Hacking Rhetoric

Sandbox Hack: Artist’s Statement

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The person that I was selected to hack was Min Chul.  The process of hacking him began simply enough, as I easily obtained both his WordPress username and password hint.  The clue that he gave was self-explanatory, as it merely asked for the mascot that represented his high school.  After conducting a quick Google search I found out the animal and was elated by how effortless the password was to obtain.  However, when it came time to login using his identity, I kept getting denied, receiving an error message, “You have exceeded the login limit.  Please wait a few minutes and try again.”  Did I do something wrong?  Maybe I just missed something.  I knew that I was bound to get it right if I kept trying.  With this mindset, I continued to type in variations of the password, which revolved around his high school mascot.  I added random sequences of numbers, in many different combinations, but was met to no avail.  This frustrated me, as something so simple was turned into something very complicated.  I thought to myself, “This is what hackers must feel like when they can’t breach into their desired target’s information!”  Eventually, I had to ask Beck to intervene and get my hackee to post another hint.  After he did so I quickly figured out his password and hacked into his account.  Although I got the job done, it did not feel as satisfying as I thought it would be, probably because I required outside assistance.

What I decided to do after I broke into Min Chul’s account was to makeover his personality.  I did this by altering one of his initial blog posts (Min Chul Han – Post 1), making him sound like a totally different person.  Originally, Min Chul’s post was about how he watched a documentary revolving around privacy and how people’s lives were becoming less and less private due to advancing technology.  Before watching this film he was under the impression that he would never get hacked because he did not have anything useful to steal.  After completing the documentary, and seeing how frequently and easily people get hacked, he became more receptive and thought he “could actually be the target [of a hacker] at any time.”

Using Min Chul’s “I could get hacked at any time” mentality as a foundation, I came up with a clever idea.  I transformed Min Chul’s blog post to escalate his apprehensiveness of being hacked.  Instead of not being paranoid pre-documentary, I made it so that he was exceedingly so and that by watching the film, his uneasiness was only magnified.  I distorted his post to make it seem as though he had something substantial to hide from the general pubic.  I even decided to take his character to the extreme in privatizing his identity.  Instead of opting for a smartphone Min Chul would now use payphones.  Also, out with the emails and in with the snail mail.  The most notable of Min Chul’s new adaptations to his lifestyle was wearing a ski mask in public to hide his face from any potential viewers.  I then asked if anyone had any further suggestions to protect Min Chul’s identity and to post them in the comments section if they did.  In addition to these modifications to Min Chul’s work, one could easily spot unusual, bolded and capitalized letters throughout his post.  If one were to read these aberrant characters in order, the message “TRY TO HACK ME NOW” would appear.  This hidden message is a challenge to individuals trying to gain access to Min Chul’s personal information after he went to the extreme to become more private.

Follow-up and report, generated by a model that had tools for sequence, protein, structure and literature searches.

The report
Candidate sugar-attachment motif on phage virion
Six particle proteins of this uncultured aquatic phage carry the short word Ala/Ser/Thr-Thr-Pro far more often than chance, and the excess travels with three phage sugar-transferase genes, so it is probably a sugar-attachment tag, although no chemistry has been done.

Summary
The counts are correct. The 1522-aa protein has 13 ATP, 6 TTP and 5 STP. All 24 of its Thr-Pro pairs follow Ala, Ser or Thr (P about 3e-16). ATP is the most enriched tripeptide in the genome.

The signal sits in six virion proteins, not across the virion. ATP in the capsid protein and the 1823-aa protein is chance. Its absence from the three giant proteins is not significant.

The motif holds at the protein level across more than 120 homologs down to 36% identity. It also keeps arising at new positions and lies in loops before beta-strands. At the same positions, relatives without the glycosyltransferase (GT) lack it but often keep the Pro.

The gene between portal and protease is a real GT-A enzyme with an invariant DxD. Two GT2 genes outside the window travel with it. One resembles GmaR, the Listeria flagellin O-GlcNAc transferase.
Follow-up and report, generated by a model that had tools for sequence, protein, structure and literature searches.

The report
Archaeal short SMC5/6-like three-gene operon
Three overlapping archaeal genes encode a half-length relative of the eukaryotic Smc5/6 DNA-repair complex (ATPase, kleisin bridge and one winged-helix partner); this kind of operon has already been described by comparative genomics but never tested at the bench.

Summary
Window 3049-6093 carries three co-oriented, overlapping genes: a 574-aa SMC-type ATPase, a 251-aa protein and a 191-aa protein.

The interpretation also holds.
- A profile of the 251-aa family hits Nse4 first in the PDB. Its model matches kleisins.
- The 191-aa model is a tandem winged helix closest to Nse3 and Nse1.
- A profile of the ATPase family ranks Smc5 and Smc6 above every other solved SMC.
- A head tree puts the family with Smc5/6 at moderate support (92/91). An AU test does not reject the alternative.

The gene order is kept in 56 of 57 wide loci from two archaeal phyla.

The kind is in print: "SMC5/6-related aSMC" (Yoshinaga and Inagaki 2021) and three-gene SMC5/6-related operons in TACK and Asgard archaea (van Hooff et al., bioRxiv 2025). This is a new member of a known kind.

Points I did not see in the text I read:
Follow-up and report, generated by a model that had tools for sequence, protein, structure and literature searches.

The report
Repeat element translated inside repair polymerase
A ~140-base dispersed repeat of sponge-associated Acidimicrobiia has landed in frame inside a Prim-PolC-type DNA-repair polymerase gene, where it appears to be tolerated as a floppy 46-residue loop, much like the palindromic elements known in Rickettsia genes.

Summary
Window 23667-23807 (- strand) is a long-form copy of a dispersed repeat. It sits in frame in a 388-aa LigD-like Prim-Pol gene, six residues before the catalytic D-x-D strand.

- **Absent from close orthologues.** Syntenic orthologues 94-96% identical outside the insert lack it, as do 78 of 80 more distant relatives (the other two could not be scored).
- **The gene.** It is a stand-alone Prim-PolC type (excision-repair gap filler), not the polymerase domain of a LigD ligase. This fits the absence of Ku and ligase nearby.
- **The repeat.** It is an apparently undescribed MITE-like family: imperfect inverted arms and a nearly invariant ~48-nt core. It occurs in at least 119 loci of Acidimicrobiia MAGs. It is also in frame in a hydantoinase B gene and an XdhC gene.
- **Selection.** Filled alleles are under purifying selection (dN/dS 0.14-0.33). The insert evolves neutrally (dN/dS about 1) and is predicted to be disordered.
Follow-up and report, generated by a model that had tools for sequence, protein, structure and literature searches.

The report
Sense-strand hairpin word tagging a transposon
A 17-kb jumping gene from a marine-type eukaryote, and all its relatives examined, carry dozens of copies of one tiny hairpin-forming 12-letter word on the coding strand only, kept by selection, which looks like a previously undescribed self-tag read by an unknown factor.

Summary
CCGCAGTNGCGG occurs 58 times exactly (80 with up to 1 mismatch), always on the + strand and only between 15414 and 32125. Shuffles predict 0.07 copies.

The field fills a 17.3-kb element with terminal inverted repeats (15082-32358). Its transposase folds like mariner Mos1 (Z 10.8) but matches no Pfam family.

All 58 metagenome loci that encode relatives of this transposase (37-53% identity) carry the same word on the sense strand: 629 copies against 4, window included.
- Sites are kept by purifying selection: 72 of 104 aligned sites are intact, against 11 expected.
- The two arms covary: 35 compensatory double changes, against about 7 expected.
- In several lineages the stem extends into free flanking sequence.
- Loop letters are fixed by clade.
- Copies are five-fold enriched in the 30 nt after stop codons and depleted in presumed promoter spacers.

In performing this hack, I was aiming to attract a larger amount of outside individuals to read and comment on Min Chul’s blog post.  Min Chul’s delusional rant makes him seem like an interesting, unordinary person and draws in more potential readers.  I even developed his character to go as far as to challenge his readers to hack him.  This was used as a mechanism to spark interest with individuals familiar with the hacking trade.  Would it be possible for them to hack Min Chul now that he has no smartphone, email, or identifiable face?  By portraying Min Chul as a cautious individual, I was trying to convey a message of privacy.  Min Chul being so apprehensive of Internet privacy demonstrates something important.  It shows that individuals should be concerned about their private information possibly being taken from them each and every time they utilize the Internet (whether through their computers or smartphones).  It also encourages them to adopt safer practices when using technology.  Min Chul’s over-the-top nature was created to show his readers that, yes they should be aware of how unsafe the Internet and technology is, but no they should not go to the extreme, as Min Chul did, to protect themselves.  They need to find the perfect balance of the two in order to safely enjoy the Internet and technology.


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